An aerial photo shows firefighters in Fire Island Pines spraying...

An aerial photo shows firefighters in Fire Island Pines spraying water from several lines Tuesday morning onto a smoldering fire that engulfed several buildings. Mutual-aid response from the main island was brought in shortly after the fire started on Monday night. (Nov. 15, 2011) Credit: Kevin P. Coughlin

Owners of the LaFountaine Building, a popular commercial complex in Fire Island Pines that was destroyed in a November fire, can rebuild a similar structure on the site, Brookhaven's Board of Zoning Appeals has ruled.

The decision, which upset the head of one of the town's largest civic groups, is a key step in the rebuilding of Fire Island Pines. The building and the adjacent Pavilion, a legendary gay club that was also lost in the blaze, constituted the heart of the Fire Island Pines commercial district and is considered vital to the community's summer tourism.

Pavilion owners have said they also plan to rebuild, but attempts to reach them were unsuccessful.

LaFountaine's owner, Nicole LaFountaine, needed a variance from the zoning board for the proposed building, which like its predecessor would take up more than 90 percent of its 6,014-square-foot lot. Zoning in the area -- established after the LaFountaine was built in 1980 -- allows only for 50 percent.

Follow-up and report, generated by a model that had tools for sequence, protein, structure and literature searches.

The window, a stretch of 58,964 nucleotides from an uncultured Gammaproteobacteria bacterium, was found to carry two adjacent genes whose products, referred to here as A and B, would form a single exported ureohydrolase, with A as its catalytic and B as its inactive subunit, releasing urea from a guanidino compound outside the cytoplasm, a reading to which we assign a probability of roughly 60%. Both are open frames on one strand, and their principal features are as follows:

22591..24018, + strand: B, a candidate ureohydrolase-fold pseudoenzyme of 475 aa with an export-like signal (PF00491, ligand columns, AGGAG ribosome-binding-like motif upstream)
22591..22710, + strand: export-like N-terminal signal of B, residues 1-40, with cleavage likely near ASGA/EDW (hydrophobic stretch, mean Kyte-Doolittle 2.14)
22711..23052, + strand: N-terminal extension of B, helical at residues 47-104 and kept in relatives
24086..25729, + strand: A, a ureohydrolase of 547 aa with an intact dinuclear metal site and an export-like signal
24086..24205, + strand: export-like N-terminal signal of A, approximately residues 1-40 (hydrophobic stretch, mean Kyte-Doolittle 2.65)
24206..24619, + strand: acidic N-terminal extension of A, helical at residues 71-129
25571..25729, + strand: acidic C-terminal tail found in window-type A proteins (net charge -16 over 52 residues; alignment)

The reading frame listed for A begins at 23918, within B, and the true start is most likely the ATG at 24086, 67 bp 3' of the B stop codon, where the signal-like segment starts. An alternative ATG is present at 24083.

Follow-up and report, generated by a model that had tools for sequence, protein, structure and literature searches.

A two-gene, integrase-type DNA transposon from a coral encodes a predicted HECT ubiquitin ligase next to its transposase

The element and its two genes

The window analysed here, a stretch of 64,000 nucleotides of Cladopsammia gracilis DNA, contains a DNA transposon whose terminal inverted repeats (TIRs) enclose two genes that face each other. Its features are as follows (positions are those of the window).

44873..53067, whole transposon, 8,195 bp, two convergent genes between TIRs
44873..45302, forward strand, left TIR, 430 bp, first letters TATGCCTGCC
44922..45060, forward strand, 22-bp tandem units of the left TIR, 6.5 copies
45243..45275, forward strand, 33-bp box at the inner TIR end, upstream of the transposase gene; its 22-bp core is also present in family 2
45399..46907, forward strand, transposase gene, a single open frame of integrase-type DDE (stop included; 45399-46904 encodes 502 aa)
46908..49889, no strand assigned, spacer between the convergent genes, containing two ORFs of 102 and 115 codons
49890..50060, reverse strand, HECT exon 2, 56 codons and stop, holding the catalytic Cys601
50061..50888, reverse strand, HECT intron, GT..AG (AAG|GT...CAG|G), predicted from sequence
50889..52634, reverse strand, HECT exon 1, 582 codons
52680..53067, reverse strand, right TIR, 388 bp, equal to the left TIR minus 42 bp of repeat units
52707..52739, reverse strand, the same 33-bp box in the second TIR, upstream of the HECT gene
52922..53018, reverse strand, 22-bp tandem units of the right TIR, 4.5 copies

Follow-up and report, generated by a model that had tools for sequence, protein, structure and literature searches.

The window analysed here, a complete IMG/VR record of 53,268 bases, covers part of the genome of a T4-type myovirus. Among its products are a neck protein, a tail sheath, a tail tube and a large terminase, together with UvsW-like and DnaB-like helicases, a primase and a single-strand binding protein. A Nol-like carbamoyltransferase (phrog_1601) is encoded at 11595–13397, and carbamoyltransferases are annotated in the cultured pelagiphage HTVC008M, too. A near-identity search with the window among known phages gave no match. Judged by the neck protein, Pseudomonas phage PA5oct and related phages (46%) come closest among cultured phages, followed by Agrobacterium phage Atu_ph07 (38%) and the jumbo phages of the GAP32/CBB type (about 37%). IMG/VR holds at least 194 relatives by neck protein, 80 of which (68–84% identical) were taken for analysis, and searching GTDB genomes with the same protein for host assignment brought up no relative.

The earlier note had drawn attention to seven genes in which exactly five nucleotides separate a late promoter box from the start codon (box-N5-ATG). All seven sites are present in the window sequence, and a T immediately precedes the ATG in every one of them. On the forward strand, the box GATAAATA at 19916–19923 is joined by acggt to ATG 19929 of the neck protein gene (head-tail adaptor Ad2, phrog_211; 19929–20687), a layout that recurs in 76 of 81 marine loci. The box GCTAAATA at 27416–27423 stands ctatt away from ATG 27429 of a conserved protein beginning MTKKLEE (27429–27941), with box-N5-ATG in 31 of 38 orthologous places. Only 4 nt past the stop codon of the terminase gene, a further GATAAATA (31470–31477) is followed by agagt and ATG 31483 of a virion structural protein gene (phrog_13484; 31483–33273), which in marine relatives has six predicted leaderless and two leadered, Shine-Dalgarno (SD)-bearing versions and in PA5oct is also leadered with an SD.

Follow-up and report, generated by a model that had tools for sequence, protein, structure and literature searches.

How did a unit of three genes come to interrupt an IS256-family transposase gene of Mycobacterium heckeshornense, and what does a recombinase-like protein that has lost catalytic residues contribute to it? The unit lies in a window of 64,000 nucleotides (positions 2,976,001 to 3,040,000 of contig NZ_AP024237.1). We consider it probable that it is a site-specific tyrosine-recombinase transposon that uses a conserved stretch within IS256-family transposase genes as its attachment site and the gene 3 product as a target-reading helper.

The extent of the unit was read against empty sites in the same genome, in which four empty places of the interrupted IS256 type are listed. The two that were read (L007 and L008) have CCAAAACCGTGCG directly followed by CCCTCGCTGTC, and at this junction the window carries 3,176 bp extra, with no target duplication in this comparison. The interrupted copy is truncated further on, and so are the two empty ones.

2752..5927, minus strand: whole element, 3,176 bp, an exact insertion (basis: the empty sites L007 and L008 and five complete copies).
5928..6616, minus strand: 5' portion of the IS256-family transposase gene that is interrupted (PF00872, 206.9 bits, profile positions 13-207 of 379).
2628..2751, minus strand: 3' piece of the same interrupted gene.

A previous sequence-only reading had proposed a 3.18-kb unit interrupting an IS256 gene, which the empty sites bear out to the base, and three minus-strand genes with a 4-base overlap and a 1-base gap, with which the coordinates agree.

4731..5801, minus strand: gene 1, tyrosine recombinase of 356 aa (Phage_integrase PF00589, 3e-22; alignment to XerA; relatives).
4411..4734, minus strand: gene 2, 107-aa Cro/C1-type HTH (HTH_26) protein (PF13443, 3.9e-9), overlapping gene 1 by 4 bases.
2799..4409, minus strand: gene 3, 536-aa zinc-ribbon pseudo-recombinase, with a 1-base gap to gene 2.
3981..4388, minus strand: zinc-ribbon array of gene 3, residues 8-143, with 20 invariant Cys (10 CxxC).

The rebuilding proposal was the subject of an emotional hearing on Jan. 11 in which most speakers supported LaFountaine's plan. And the zoning board quietly ruled on Jan. 25 that LaFountaine's proposal was "within the nature and character of the commercial properties in the Pines community" and that "feasible alternatives do not exist" for the property's owner.

LaFountaine can now seek building permits for the project, said Timothy Shea, the complex's Hauppauge-based attorney. He declined to speculate if the complex could be rebuilt by Memorial Day, as Nicole LaFountaine has said.

"No corks are uncorked yet," said Shea, adding the zoning board's decision was "justified."

The LaFountaine Building's seven tenants all have agreed to move into the new complex if it is ready by summer, LaFountaine has said. The new building, like the old one, would be two stories, and about 5,800 square feet, slightly less than the old structure, she has said.

MaryAnn Johnston, president of the Affiliated Brookhaven Civic Organization and one of a handful of residents to oppose the rebuild, criticized the zoning board's decision, which she said "advances commercial interests" rather than protects Fire Island from overdevelopment.

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